Patient family members have expressed gratitude for Dr. Fishbinder’s diagnostic process, and report that they are very pleased that he is doing everything in his power to “get to the bottom” of why their loved one isn’t as sharp as they used to be.

“I thought my mom was acting strange ever since she started taking stronger pain medicine for her arthritis,” says Nelly Hurtong, the daughter of one of Dr. Fishbinder’s inpatients. “But now I see that there are deeper reasons for her ‘altered mental status’ thanks to the brain MRI that showed some mild generalized atrophy.”

Hospital administrators praise Dr. Fishbinder as one of their top physicians. “He will do whatever it takes to figure out the true cause of patients’ cognitive impairments.” Says CEO, Daniel Griffiths. “And not only is that good medicine, it is great for our Press Ganey scores and our bottom line.”

As for the nursing staff, Griffiths offered a less glowing review. “It’s unfortunate that our nurses seem preoccupied with urine testing and medication reconciliation. I think it might be time for us to mandate further training to help them appreciate more of the medical nuances inherent in quality patient care.”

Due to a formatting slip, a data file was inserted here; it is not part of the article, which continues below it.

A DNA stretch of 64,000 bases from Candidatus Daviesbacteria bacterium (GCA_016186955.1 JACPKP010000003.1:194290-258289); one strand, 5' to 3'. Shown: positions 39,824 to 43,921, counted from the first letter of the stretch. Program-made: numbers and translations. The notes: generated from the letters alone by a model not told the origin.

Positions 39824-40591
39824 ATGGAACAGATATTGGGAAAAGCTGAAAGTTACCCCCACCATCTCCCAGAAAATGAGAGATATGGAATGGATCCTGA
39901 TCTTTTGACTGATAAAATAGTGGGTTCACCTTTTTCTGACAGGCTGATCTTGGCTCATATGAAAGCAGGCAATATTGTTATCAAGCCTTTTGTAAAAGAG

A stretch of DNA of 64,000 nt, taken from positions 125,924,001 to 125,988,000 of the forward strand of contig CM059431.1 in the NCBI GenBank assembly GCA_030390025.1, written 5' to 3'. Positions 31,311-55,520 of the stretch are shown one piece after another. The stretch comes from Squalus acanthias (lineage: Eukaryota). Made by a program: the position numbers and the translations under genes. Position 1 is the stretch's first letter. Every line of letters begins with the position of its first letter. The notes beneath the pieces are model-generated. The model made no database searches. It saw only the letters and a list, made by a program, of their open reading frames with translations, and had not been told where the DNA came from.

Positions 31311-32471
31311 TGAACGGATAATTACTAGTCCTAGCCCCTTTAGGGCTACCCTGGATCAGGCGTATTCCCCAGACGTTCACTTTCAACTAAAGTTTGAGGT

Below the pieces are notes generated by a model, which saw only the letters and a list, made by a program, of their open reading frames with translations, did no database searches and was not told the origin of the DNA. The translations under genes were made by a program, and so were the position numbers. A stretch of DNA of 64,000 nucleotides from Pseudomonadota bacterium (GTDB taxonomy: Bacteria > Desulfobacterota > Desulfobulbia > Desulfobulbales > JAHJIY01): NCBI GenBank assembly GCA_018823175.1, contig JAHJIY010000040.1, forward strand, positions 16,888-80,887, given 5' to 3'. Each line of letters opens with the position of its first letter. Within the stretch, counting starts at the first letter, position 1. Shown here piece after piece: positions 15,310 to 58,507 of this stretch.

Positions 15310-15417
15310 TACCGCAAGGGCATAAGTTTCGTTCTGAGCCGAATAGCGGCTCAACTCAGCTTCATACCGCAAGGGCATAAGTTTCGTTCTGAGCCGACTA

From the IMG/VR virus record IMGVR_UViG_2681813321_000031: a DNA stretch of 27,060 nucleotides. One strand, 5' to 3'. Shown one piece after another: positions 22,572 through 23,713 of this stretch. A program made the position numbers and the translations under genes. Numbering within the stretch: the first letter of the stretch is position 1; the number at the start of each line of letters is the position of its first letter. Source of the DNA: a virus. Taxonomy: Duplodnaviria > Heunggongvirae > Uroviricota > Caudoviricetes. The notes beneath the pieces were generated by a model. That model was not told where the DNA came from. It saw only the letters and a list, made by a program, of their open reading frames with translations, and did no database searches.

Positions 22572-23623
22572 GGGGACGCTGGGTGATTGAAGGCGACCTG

Dr. Fishbinder is in the process of creating a half-day seminar on ‘altered mental status in the inpatient setting,’ offering CME credits to physicians who enroll. Richmond Medical Hospital intends to sponsor Dr. Fishbinder’s course, and franchise it to other hospitals in the state, and ultimately nationally.